The demolition of a historic Sheffield building can go ahead after campaigners lost a last-ditch bid to save it.
Yesterday the Appeal Court dismissed a challenge aimed at saving the Grade II listed Edwardian wing of the former Jessop Hospital off Broad Lane – which the University of Sheffield plans to knock down to build a ‘world-class’ £80m engineering block.
It came after a judicial review bid to save the building off Broad Lane was rejected last week.
Richard Harwood QC, for the campaigners, urged Lord Justice Longmore and Sir David Keene to let the case proceed, but the court ruled it had no option but to dismiss the challenge.
Sir David said the case had been dogged by “inexcusable delay” and that there were no grounds for second-guessing the decision of Sheffield Council planners in February.
Hundreds of people have supported the campaign.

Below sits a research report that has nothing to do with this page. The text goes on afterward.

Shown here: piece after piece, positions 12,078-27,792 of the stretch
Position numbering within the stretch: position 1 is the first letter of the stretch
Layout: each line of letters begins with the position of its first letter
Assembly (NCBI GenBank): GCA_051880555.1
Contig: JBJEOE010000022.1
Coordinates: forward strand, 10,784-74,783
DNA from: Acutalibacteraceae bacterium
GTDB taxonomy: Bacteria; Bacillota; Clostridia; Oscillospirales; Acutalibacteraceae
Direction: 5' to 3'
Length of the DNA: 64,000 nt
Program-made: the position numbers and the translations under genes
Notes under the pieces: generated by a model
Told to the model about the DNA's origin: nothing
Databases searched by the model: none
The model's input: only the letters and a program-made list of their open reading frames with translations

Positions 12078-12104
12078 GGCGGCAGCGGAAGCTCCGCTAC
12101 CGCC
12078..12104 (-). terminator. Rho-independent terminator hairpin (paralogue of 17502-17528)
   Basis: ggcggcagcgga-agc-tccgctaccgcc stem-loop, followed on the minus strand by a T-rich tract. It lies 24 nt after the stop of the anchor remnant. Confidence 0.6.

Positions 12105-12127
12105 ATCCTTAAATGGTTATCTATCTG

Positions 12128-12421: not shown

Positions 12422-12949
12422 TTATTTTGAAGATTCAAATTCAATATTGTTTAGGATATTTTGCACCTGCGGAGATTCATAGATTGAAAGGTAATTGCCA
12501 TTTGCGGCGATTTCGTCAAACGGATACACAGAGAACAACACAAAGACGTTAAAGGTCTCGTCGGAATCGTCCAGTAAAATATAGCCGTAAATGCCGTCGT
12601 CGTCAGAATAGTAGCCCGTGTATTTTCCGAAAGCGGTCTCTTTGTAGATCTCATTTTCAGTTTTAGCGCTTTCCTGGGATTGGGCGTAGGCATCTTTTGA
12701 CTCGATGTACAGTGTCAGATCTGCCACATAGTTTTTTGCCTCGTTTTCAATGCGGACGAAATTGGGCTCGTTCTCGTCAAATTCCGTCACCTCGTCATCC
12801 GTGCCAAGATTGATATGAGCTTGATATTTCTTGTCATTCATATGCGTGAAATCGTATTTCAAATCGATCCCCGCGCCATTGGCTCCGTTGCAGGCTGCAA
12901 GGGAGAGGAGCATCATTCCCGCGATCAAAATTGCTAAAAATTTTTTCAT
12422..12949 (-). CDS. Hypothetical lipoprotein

Speaking after the decision Howard Greaves, of the Hallamshire Historic Buildings Society, said: “It’s very sad because it wasn’t necessary to knock it down.
“This is an absolute disgrace because it will open the floodgates nationally.
“People will say ‘they let Sheffield knock Jessops down why can’t we knock this down just for the sake of tweaking the plans?”
Lawyers representing the university said the development of the site was ‘crucial’.
Peter Village QC, for the university, told court that delaying the development for one year would result in more than 1,500 students not being able to study engineering there – causing a loss of around £22m income to the university.
The university has said alternatives to demolition had been considered but been ruled impractical.